college/university students.  Considering
the few studies which have looked upon type 2 diabetes, little research has
been conducted focusing on students which may be afflicted with type 1
diabetes. The following studies have examined the difficulties which is faced
by students in order to maintain good health and control as well as adapting
their ways living with the illness being an independent young adult (Miller-Hagan & Janas, 2002). That being said,
diabetes-related complications and other factors may influence self-management
should be considered as a critical indicator for diabetes education which
requires immediate attention acceptable resources. During a routine of medical
care, the individual may identify the factors which influence their treatment
and their related self-management plan (Nam et al., 2011). These factors are
able to include the patient’s ability in managing and coping diabetic
complications, medications, other health conditions, emotional needs, physical
limitations and basic living needs. These factors may be present in the initial
diabetes encounter or may arise during any time, and have influences the
patients psychosocial, behavioural and clinical aspects of diabetes care
(Powers et al., 2015). Consequently, potential need and additional health
conditions for medication can complicate self-management for the individual. Therefore,
focused and additional support may be needed for stress, anxiety and
diabetes-related distress or depression (Xu et al., 2008).

Furthermore, emotional and psychosocial factors have multiple
contributors which include diabetes-related distress, anxiety, depression and
life stressors. These factors have been considered complications of diabetes,
and result to poorer outcomes of diabetes (Chew et al., 2014). As prevalence
rates for diabetes-related distress is common (18%-35%), there has been a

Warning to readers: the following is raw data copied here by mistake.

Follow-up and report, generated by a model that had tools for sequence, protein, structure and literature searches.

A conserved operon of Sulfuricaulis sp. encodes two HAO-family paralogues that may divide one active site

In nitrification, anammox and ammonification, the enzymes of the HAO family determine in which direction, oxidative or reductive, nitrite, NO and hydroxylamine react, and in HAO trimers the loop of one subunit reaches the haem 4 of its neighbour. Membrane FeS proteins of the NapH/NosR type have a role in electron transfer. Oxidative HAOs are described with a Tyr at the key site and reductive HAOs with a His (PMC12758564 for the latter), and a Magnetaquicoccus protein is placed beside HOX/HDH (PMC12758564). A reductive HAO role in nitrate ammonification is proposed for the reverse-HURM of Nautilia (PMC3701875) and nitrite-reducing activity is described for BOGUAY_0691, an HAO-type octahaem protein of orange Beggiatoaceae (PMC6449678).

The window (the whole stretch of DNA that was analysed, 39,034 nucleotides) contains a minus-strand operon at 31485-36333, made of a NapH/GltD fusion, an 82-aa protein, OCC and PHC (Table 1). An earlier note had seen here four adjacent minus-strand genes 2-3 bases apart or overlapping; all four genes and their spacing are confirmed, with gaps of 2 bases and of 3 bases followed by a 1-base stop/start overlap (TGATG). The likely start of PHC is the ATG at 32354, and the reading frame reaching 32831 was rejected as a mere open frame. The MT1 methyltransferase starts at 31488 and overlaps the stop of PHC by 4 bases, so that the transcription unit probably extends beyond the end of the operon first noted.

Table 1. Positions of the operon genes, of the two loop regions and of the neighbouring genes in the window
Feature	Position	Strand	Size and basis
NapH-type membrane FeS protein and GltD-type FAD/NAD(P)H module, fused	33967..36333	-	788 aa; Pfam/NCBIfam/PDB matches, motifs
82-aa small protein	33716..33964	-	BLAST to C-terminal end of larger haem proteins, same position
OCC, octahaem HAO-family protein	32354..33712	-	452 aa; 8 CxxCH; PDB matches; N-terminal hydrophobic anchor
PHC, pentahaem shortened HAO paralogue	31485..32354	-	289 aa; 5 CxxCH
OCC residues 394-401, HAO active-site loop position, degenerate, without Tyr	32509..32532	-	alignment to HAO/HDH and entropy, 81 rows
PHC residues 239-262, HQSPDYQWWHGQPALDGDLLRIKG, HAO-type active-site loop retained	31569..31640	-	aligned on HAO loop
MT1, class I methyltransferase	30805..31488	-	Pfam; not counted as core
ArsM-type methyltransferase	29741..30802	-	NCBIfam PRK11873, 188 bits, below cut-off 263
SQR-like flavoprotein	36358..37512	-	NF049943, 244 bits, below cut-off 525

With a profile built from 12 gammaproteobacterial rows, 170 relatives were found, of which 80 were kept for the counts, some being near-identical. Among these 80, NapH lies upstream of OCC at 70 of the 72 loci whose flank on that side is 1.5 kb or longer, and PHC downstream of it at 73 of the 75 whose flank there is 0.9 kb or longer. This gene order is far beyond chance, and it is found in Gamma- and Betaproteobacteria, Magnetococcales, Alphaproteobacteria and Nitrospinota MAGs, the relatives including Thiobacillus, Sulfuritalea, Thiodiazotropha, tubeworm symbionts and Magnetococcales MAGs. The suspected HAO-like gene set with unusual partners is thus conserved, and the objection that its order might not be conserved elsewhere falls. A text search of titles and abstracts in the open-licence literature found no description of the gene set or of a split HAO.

greater impact on metabolic and behavioural outcomes compared to depression
(Fisher et al., 2012). Although, National Standards for DSME/S have included
developmental strategies in addressing psychosocial concerns and issues,
additional help is needed for mental health resources which are generally
required when addressing severe diabetes-related distress, anxiety and clinical
depression to promote and manage this LTC (Fisher et al., 2013). Also, social
factors which includes difficulty paying for medication, food, medical care,
monitoring and other supplies, utilities, or housing, have a negative affect
towards an individual’s metabolic control and increase with resource use. If
basic living needs have not been met, managing diabetes becomes difficult
gradually (Berkowitz et al., 2015). Through education staff, this can be
addressed and such issues are able to provide information on available
resources and collaborate with the care needed for the patents self-management
plan which reflects these illness belief challenges. If these complicating
factors are present in the initial maintenance or education session, the DSME/S
educators are able to directly address the factors or have arrangements for
additional resources. However, that being said, complicating factors are still
likely to arise at any time; the providers should promptly be prepared to be
able to refer patients who may develop complications or any other issues for diabetes
education and any on-going support (Li et al., 2014).

Lastly, less research has
emphasized the ways in which illness beliefs promote management the impact of
type 1 diabetes in young children’s and their quality of life. A study had
found parents to have reported greater adoptive symptoms which included
anxiety, depression and somatization symptom present in young children (4-10
years) with type 1 diabetes compared to health controls (Cato et al., 2014). A
recent study have evaluated a routine mental health and behavioural screening
from a paediatric diabetes clinic and found children
ages 4-7 were more likely to have elevations from parents reporting back from
the Strengths
and Difficulties Questionnaire (SDQ), which suggest that young children with
type 2 diabetes have a greater risk towards anxiety, depression or psychological
disorders hindering their management (Zenlea et al., 2014). Further, normative behaviour problems,
such as slow at meal times, refusing to eat, and dawdling before going to
sleep, are perceived more problematic for parents with children who have type 1
diabetes compared to a normative samples (Hilliard et al., 2011).



In conclusion, this essay highlighted
the ways in which illness beliefs and behaviours can either promote or hinder
the management of a long-term condition like diabetes. Further research in
still needed to investigate a wider range of population, therefore acceptable
interventions can be made and address to ensure a healthy quality of life for
the individual. Also, diabetes-related complications can improve over time
through family support, education and empowerment.